216-Plus-Inch Bighorn Sheep Confirmed New B&C World Record
The Boone and Crockett Club judges have determined that a ram from Montana holds the new world record for largest horns on a bighorn sheep
This 216-plus-inch bighorn sheep from Montana died of nature's causes at 9 years old. (Photo courtesy of Boone and Crockett Club)
MISSOULA, Mont. - A ram from Montana was declared the new World's Record
bighorn sheep by a special Boone and Crockett Club judges panel today. The Boone and Crockett panel’s official measures rescored the ram's horns and determined the final score to be 216-3/8 points B&C. This new score surpassed the current World's Record ram that scores 209-4/8.
The new record was declared by a special judges panel which confirmed the official entry score. This ram's entry score was 216-3/8 and was accepted on February 8, 2018.
The 216-plus-inch bighorn sheep from Montana while alive. (Brett Swain photo / Montana Wildlife Images)
"This ram is significant for many reasons," said Justin Spring, the Club's director of Big Game Records. "One of many things worth noting is that since the Club's current scoring system was adopted in 1950, this is only the fifth World's Record bighorn, and three of these have been declared since just 2001. If anything, we're now seeing what nature and sound wildlife management are capable of producing in the wild."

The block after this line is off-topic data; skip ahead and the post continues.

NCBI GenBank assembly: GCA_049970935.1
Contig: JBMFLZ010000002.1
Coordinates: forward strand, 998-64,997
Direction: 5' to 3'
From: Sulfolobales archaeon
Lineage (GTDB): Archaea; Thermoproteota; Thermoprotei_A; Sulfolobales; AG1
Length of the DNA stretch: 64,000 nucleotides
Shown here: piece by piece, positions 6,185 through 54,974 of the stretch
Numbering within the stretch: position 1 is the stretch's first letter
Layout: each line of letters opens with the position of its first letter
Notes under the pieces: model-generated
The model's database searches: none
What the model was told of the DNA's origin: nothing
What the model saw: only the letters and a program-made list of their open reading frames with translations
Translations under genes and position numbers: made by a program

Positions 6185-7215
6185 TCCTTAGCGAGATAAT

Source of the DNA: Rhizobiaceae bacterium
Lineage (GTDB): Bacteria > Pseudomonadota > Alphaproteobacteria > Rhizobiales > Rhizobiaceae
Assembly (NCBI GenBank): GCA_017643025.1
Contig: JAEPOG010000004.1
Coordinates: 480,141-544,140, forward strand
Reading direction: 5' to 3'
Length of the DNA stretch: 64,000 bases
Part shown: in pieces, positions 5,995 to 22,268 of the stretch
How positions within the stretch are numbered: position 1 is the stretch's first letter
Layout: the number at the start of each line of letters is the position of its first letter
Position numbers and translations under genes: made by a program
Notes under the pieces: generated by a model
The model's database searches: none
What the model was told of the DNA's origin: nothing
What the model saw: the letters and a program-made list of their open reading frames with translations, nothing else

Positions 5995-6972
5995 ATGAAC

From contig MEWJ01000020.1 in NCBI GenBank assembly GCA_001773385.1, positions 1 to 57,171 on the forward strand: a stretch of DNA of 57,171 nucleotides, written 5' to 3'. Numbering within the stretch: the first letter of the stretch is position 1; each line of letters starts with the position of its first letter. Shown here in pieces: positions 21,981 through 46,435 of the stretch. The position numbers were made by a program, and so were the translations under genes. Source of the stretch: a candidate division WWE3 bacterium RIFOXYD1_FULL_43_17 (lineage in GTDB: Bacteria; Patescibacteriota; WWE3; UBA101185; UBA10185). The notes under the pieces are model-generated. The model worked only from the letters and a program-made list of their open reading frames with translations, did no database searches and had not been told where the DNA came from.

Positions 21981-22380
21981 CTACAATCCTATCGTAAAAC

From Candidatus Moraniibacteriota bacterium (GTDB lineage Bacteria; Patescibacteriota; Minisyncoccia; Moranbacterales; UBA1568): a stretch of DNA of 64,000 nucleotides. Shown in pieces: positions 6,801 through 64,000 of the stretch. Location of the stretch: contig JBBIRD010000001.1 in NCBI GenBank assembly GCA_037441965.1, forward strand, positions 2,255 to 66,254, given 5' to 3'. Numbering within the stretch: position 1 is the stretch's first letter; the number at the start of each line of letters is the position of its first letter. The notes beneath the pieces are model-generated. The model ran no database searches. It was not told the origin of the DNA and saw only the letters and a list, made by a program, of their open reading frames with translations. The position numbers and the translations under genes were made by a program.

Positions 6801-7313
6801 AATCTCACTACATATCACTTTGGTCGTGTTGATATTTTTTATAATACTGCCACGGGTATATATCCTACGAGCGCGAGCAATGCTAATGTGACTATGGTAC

The judges panel convened at the world headquarters of the Wild Sheep Foundation (WSF), located in Bozeman, Montana. B&C officials, Montana State Governor Steve Bullock, and Wild Sheep Foundation President and CEO Gray Thornton were on hand for the scoring.
"Here in Montana, we have a rich history of bringing diverse groups together to preserve and protect wildlife habitat and public lands," said Governor Steve Bullock. "This is truly a Montana conservation success story."
"Wild Sheep Foundation is honored to host the panel certification of this World's Record bighorn and this momentous announcement from our governor that Montana, the 'Land of the Giants' is home to the largest bighorn sheep known," stated Gray N. Thornton, WSF's president and CEO. "The first bighorns were translocated to Wild Horse Island in 1939 from the Mission Mountains with two additional actions in 1947 and 1987. Incredibly starting in 1954, 488 bighorn sheep were translocated off the Island in 26 different operations to 16 locations in Montana for the benefit of all Montanans and an additional 73 bighorns were exported to Washington and Oregon. The island is not only an incredible watchable wildlife asset but is an exceptional source with obviously incredible genetics to repatriate bighorn sheep throughout Montana."
Skull of the 216-plus-inch bighorn sheep. (Photo courtesy of Boone and Crockett Club)
The nine-year-old ram lived his entire life on Wild Horse Island - a state park located in Northwest Montana's Flathead Lake. Montana Fish, Wildlife & Parks officials found the ram, and determined it had died of natural causes. Because the ram was not taken by a hunter, the department entered the
ram to B&C on behalf of all Montana’s citizens.
The official measurements that contributed to its final score are horn lengths of 48-3/8 and 49-6/8, circumferences at the bases of 16-3/8 and 16-4/8, and fourth quarter circumferences of 11-2/8 and 11-4/8 inches.
Spring said, "This ram doesn't have the longest horns on record, or the largest bases, but the mass of his horns carried over the entire length of nearly 50-inch horns is what makes this ram the largest we've seen by a significant margin. The last three World's Record rams have been 208-1/8, 208-3/8, 209-4/8 and now 216-3/8. That's a jump we just never expected to see."